A father-of-four is on a ventilator fighting for life three weeks after contracting West Nile virus from a mosquito in Arkansas.
Curtis Bridges, 34, from Helena-West Helena on the Mississippi border and just south of Memphis, Tennessee, came down with a fever and chills in September – right at the end of mosquito season – but at first he put it off as the flu.
After a few days, his condition deteriorated so dramatically that his wife Jennifer took him to hospital – but he was told it was just a flu and to get some rest. They replayed that scenario four more times: each time he was told not to worry, and once a doctor said it was likely a urinary tract infection.
But on October 29, Curtis became unresponsive, and had to be airlifted 120 miles to Little Rock for specialist care.
In the emergency room, tests showed he had West Nile virus, which only shows symptoms in about 20 percent of sufferers, and can be fatal.
Now, Curtis is on a ventilator with a feeding tube, and has a blood clot in his arm.
Curtis Bridges, 34, from Helena-West Helena on the Mississippi border, came down with a fever and chills in September – right at the end of mosquito season
Jennifer is now on a feeding tube and ventilator; his wife has to travel 3 hours from their home on the Mississippi border to visit him in hospital
‘One little mosquito bite can put you here,’ Jennifer told Channel 3.
‘He’s too strong. He’s got four kids. He’s got too many reasons to let this stop him.’
Jennifer explained that after he got to hospital, Curtis transformed. He lost 40 pounds and is now incredible weak.
‘We were told he might not make it. He could be a vegetable for rest of his life and it could all come from a mosquito,’ she said.
West Nile virus cases are on the rise in the US, partly because of rising temperatures.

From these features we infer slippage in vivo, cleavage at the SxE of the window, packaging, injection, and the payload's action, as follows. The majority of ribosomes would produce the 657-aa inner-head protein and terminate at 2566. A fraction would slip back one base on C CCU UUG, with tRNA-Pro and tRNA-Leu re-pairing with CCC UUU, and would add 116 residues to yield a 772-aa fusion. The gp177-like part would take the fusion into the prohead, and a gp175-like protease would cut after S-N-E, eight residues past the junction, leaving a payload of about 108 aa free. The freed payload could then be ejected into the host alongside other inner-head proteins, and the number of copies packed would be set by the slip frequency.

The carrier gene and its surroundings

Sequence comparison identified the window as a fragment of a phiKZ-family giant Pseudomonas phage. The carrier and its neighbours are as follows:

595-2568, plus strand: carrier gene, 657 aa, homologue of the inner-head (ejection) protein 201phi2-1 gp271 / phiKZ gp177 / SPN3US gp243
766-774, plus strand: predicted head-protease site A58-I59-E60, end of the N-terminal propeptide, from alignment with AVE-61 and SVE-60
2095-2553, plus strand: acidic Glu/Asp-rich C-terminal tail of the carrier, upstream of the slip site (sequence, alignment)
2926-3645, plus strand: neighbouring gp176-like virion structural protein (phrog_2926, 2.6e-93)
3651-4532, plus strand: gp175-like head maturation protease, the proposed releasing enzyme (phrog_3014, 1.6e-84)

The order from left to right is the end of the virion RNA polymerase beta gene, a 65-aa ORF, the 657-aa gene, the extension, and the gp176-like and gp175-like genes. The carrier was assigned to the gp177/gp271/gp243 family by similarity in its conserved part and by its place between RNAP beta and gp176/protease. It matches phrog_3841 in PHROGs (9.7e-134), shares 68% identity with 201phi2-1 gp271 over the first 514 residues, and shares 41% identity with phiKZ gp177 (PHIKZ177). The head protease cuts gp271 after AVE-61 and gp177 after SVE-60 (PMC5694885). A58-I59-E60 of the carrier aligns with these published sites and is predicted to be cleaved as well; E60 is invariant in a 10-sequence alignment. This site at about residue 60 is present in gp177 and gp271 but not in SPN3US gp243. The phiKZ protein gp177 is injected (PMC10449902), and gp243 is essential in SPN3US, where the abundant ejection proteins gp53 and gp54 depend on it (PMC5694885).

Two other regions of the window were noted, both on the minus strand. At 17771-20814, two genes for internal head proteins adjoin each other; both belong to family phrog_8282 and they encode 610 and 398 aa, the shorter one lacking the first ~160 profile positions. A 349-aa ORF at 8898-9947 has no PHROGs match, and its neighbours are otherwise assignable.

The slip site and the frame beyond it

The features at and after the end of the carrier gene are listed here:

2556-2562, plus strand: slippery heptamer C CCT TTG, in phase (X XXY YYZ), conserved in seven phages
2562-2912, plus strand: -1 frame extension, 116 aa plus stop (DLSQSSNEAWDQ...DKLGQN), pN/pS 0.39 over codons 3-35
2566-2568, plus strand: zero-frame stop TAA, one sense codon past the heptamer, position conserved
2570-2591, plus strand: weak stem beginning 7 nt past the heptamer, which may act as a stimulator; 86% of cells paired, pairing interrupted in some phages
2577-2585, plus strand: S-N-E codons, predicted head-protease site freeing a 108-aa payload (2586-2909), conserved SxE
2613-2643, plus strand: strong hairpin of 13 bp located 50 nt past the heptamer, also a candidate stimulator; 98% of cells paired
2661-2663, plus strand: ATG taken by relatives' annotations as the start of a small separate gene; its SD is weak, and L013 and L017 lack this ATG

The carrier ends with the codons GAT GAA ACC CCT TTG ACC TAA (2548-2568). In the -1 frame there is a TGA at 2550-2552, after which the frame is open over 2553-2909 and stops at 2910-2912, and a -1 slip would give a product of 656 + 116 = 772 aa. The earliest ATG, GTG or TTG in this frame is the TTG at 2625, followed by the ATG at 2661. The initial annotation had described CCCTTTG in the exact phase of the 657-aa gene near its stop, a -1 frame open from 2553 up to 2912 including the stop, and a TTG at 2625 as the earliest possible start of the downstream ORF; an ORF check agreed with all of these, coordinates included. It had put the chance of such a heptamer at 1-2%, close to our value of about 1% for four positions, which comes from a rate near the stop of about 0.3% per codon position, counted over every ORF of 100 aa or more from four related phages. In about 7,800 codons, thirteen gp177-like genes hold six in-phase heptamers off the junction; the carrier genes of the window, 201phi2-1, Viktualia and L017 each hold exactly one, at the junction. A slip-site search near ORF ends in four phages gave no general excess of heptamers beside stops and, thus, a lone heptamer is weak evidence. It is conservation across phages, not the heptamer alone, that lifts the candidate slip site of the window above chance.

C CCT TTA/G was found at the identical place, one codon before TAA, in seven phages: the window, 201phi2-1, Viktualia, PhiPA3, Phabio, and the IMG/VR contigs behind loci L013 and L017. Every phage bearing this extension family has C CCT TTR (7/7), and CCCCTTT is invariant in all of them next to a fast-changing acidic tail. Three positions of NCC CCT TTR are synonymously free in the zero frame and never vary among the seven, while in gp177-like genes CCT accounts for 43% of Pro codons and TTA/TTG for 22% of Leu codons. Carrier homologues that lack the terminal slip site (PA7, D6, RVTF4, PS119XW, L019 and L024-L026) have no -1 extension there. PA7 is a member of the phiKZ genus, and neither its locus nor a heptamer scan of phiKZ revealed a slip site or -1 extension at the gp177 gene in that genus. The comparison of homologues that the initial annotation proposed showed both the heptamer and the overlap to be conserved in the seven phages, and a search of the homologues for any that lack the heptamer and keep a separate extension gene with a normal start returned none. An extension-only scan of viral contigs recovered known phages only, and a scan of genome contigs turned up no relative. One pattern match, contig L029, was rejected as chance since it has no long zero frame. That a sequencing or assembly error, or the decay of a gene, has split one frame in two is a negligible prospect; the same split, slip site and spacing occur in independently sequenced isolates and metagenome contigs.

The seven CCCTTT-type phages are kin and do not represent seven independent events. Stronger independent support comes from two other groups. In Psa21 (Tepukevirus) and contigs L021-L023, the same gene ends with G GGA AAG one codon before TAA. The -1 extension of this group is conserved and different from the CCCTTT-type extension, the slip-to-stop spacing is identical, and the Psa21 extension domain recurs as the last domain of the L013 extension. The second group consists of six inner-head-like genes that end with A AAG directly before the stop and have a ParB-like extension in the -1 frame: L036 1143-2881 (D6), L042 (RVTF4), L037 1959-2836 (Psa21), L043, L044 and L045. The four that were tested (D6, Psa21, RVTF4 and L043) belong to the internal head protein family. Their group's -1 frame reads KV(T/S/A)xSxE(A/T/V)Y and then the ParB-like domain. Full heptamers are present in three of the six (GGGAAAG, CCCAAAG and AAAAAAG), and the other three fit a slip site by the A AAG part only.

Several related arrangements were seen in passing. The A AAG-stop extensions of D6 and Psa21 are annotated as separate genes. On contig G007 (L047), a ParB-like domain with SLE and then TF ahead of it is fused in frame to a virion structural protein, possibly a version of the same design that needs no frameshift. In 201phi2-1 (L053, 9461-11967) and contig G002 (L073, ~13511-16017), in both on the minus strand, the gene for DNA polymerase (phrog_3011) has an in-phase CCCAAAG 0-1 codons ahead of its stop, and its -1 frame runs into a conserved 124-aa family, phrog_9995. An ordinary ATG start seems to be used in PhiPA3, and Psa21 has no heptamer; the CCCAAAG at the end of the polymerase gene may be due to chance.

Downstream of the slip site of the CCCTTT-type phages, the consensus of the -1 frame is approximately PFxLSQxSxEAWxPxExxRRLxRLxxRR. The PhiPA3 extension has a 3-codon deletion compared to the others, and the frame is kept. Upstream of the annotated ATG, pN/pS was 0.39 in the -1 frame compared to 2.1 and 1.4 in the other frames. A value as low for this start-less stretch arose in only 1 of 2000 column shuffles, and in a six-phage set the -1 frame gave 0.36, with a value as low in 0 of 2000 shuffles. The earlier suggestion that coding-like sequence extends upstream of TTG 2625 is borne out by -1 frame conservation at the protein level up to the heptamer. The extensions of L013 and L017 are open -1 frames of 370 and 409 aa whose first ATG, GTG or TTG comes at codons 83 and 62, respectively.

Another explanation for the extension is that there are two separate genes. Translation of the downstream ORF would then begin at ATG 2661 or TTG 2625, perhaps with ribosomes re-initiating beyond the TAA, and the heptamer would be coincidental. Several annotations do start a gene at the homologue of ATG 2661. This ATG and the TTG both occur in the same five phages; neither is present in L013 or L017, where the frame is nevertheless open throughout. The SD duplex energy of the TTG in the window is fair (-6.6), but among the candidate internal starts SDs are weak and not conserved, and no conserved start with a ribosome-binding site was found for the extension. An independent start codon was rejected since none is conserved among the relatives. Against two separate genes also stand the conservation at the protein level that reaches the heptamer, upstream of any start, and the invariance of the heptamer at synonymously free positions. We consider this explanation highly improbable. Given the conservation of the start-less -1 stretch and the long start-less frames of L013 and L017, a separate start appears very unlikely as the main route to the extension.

For most, there are no symptoms and no complications.
But for 150 Americans a year, it proves fatal.
On October 29, Curtis became unresponsive, and had to be airlifted 120 miles to Little Rock for specialist care
The biggest risk for West Nile sufferers is that the virus hits their central nervous system. That’s when it can transform into a life-threatening neurological disease.
On Friday, Jennifer told supporters on GoFundMe that Curtis has ‘suffered a few setbacks’ but maintained that he will make it through.
After recent scans showed the virus had been cleared, doctors tried to take Curtis off his ventilator but he was too weak to breathe on his own, and then he aspirated water into his lungs, which can be a medical emergency.
‘This is going to be a long road, so please continue to pray for him,’ Jennifer said, adding: ‘Also, please pray for all those going through their own battles and struggles. We have met some of the kindest people here who have it a lot worse than we do.’
The GoFundMe page is raising funds for Jennifer’s travel costs, as she commutes 120 miles between Curtis’s hospital bed and her home in Helena-West Helena for their four kids.